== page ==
Black Locust ‘Turbo Obelisk’
Out of the two Black Locust varieties, the ‘Turbo Obelisk’ is struggling a little. These were planted on the 12th of April using the ‘T-notch’ technique. Plants that are growing appear much smaller than the ‘Turbo’ variety. Like most of the hub sites are reporting, the drought conditions after planting may have had some impact on the establishment. Also, the weed flush once the rains did come could be having some competition factor with the plants.
Ongoing weed control is necessary. If time allows, it may be best to do the smaller plants by hand. However, if the strimmer/mower operator is confident enough to not accidentally take out the plants, this would be the quicker option. The application of the Glysophate via the Herbidome would really help suppress the weeds to give the plants the best chance of a good growth rate.
There is some pest damage to the leaves. A small blue coloured beetle was spotted on the odd plant on this visit which will be monitored.
Black Locust ‘Turbo’
The ‘Turbo’ variety of Black Locust looks much bigger in height and appears healthier than the ‘Turbo Obelisk’. As the pictures below show, the plants are establishing the thorns associated with the species. These were also planted on the 12th of April, using the Auger, due to the large roots that the plants had when delivered.
It was good to see inter-row strimming being carried out by an SRUC employee during the visit. After a week or two of strimming/mowing, a follow-up with the Herbidome would be ideal to get on top of the weeds. No pest damage to leaves or stems was noticed, however, this should be monitored going forward.
SRF Common Alder
The Alder establishment looked overall good. Again, these were planted on the 12th of April. The plot is a lot cleaner regarding the weed population. This is ideal and shows the benefit of strimming/mowing the weeds, then allowing the weeds to grow back a bit to increase the surface area for the uptake of the herbicide. A couple of passes with the Herbidome with a Glysophate mix will help suppress the weeds. A return to spot spray here amongst the Alder would be recommended.
SRC willow 0.5 ha area
The willow looks good, and establishment looks great with no gaps spotted. The inter-row weeds could benefit from a strim. We have found the wheeled strimmer ideal for this job. It would be worthwhile to remove the large thistles that are present within the rows of willow (see photo below) to stop them from spreading across the plots.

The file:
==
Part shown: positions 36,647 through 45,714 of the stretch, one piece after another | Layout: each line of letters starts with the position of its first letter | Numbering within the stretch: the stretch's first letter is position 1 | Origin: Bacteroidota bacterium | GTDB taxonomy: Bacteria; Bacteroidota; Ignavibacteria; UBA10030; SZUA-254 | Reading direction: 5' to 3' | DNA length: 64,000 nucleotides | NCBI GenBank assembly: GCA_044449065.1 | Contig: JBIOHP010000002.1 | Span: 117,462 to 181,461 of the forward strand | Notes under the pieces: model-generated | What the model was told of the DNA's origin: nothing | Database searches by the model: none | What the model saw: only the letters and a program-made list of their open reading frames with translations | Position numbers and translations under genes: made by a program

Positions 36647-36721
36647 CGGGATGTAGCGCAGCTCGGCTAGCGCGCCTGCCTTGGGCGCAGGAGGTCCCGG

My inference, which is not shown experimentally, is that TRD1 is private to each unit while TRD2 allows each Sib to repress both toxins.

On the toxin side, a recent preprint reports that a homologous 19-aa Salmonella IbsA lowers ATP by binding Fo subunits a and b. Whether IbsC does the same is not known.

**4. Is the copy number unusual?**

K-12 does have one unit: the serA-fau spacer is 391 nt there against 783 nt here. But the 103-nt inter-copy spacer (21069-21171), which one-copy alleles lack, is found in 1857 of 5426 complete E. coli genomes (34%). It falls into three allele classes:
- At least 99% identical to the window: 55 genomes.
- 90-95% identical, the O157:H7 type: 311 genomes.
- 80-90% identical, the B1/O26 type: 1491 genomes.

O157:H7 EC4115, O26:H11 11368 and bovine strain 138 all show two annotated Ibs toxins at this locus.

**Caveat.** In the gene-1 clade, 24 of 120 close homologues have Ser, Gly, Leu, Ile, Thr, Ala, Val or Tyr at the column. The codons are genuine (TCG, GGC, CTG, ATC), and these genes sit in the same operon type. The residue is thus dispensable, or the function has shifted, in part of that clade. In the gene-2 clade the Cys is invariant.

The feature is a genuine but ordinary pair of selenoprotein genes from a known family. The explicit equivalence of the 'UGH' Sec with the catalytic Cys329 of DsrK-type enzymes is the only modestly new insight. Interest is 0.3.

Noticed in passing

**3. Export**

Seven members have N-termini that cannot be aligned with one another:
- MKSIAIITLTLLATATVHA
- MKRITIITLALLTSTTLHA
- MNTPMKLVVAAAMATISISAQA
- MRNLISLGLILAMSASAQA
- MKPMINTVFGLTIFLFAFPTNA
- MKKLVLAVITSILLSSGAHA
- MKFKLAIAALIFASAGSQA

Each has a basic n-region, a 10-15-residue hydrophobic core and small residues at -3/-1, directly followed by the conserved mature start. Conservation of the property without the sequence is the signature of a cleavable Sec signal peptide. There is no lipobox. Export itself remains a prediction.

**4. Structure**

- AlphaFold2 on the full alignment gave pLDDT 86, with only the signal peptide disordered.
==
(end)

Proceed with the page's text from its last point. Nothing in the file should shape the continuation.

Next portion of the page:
The product Laser could potentially be used as a post-emergent herbicide if grass weed becomes predominant.
The Poplar was planted on the 28th of April. The rows of Poplar seemed in a better condition and establishment numbers looked better than the site in Ayrshire. Weeds in the pictures below would benefit from a herbicide as they are not so big as to require a strim first. The site would benefit from getting the electric fencing up as there is concern that these could be grazed by Hare/Rabbit.
Miscanthus Giganteus 0.5 ha area
The Miscanthus Giaganteus looks to be establishing well. A post-emergent spray was applied and some ‘yellowing off’ can be seen in the photos. Once tractor work has been completed, the electric fence should be put back in place to help prevent any Hare/Rabbit damage.
Miscanthus Athena 0.5 ha area
The Miscanthus ‘Athena’ at Boghall was planted in the first week of July. The establishment does not look great seeing as the rhizomes have been in the ground for a month. A weed flush is starting to emerge. If weather and ground conditions permit, a post-emergence spray may be able to be applied.
Miscanthus 2023 Variety Trial
SRUC Boghall was chosen to host the 2023 Miscanthus variety trial. The plots that were growing overall looked healthy. There were some plots that looked a little sparse though.
The Sida was couriered up to SRUC on the 10th of July and the team were able to plant a few days later. Checks had been made but they had not been seen to emerge. However, after seeing the photo that the BGI team sent, the definitive shade of green of the Sida could be seen at Boghall too. The few that had emerged were from the bigger rhizome.
SRC Willow variety Trial
Generally, the trial is establishing well, except for the gaps where the ECC genotypes that were T-notch planted (due to their time in customs and cuttings rooting). Weeds need to be monitored and controlled, but as you can see from the photos below, the plot is relatively clean. Graminicide Laser could be considered to control grass weeds. The Herbidome could also be deployed to conduct careful inter-row spraying. Nettles and docks should be spot-treated with the Herbidome, preferably before they get too big.